The official portraits of former President Barack Obama and former first lady Michelle Obama are in — and they aren’t quite like anything else in the Smithsonian’s National Portrait Gallery. View the portraits here.
Official presidential portraits tend to focus heavily on their subjects’ dignity: The presidents stand tall in tailored suits, gazing out into posterity and official portraits of former first ladies tend to be idealized and domestic. But the Obamas chose two of the hottest young artists in portraiture for their official paintings, and it shows.
Kehinde Wiley, the painter behind Barack Obama’s portrait portrays black bodies in the heroic poses of some of the most famous portraits in the Western canon. By placing black bodies in poses historically designed to demonstrate wealth, strength, and opulence, Wiley is redistributing the aesthetic power of art.
With his Obama portrait, Wiley moves away from a literal reimagining of a specific painting. Obama’s chair bears a certain resemblance to the chair in Gilbert Stuart’s iconic portrait of George Washington and his hunched-over, thoughtful pose echoes the lines of Rodin’s Thinker. But the forceful, engaged expression is specific to Obama, and so is the iconography around him (the blue flowers are for Kenya, the jasmine for Hawaii, and the chrysanthemums for Chicago, per Cotter). It has the aesthetic effect of a baroque portrait, but all the signifiers are vital and original.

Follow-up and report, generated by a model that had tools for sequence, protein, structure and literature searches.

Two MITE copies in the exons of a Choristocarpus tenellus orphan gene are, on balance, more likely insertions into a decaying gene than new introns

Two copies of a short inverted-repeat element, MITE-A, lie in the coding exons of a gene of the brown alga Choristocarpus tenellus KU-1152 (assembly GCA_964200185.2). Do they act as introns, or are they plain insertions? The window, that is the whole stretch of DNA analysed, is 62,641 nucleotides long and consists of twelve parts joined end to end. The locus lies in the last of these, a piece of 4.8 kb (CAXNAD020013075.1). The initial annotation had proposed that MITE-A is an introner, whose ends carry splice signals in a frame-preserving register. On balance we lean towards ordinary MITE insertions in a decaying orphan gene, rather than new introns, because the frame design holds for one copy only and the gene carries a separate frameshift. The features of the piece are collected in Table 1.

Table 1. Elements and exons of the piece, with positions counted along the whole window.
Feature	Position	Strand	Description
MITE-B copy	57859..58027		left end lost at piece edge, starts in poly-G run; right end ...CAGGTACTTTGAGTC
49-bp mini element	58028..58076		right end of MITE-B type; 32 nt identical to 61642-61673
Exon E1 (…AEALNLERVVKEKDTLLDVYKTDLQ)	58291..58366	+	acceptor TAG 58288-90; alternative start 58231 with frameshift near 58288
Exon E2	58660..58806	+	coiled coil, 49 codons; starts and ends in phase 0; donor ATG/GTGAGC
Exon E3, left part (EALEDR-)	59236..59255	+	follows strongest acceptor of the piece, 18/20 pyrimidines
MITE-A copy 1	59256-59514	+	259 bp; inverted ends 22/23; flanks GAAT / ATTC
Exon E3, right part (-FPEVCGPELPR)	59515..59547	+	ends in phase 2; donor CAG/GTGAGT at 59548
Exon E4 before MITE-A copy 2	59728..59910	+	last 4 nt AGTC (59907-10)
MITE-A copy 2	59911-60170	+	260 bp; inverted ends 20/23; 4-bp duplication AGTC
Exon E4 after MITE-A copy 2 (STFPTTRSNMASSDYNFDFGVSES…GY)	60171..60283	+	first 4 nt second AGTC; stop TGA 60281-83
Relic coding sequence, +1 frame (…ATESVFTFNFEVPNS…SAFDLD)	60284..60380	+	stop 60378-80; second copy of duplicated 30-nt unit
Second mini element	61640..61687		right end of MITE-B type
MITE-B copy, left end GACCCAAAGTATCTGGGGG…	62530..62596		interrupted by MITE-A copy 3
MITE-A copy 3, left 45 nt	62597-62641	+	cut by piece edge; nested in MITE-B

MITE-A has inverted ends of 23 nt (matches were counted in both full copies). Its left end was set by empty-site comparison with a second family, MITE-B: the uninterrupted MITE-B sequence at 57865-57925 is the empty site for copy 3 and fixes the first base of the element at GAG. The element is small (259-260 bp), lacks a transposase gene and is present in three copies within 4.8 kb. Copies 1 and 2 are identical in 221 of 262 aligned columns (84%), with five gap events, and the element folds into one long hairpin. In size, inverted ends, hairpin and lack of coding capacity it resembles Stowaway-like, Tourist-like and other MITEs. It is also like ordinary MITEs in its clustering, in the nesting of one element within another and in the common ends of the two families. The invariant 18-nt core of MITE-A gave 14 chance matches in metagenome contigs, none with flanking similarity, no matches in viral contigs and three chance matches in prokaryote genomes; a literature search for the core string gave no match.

Amy Sherald, who painted Michelle Obama’s portrait, tends to paint black subjects, usually in grayscale in front of a color-saturated background, in clothes she chooses carefully for each subject. The gray skin lets Sherald “omit” skin color from her paintings entirely, she says, separating race from color and allowing her subjects to hover in the liminal space between reality and dreamworld.
In the portrait, Michelle Obama reclines against a gray-tinted blue background, in what looks like a nod to the time she shook the 2012 Democratic National Convention by showing up with blue-gray nails. She’s wearing a geometric printed gown by Milly, which evokes the geometric quilts made by black artists of the remote Alabama community.
Paired together, the two portraits are immensely striking: Not only are they both unusually active for this kind of portrait, but they give off a palpable sense of intelligence, directness, and — perhaps more than anything else — cool. They’re portraits whose subjects care about aesthetics, who are thoughtful about the history of portraiture, and who have the personal charisma to carry the weight of that history on themselves.
Which is important, because history is going to weigh heavily on the portraits of the first black president and first lady, painted by the first black artists commissioned to make the official presidential portraits.
In Barack’ s own words, ‘this two works upend the notion that there are worlds where African Americans belong and worlds where we don’t. And that’s something Michelle and I hope we contributed to over the eight years we were so privileged to serve you from the White House. They’ll walk out of that museum (Smithsonian National Portrait Gallery) with a better sense of the America we all love. Clear-eyed. Big-hearted. Inclusive and optimistic. And I hope they’ll walk out more empowered to go and change their worlds’.
Sources: Vox, Obama.org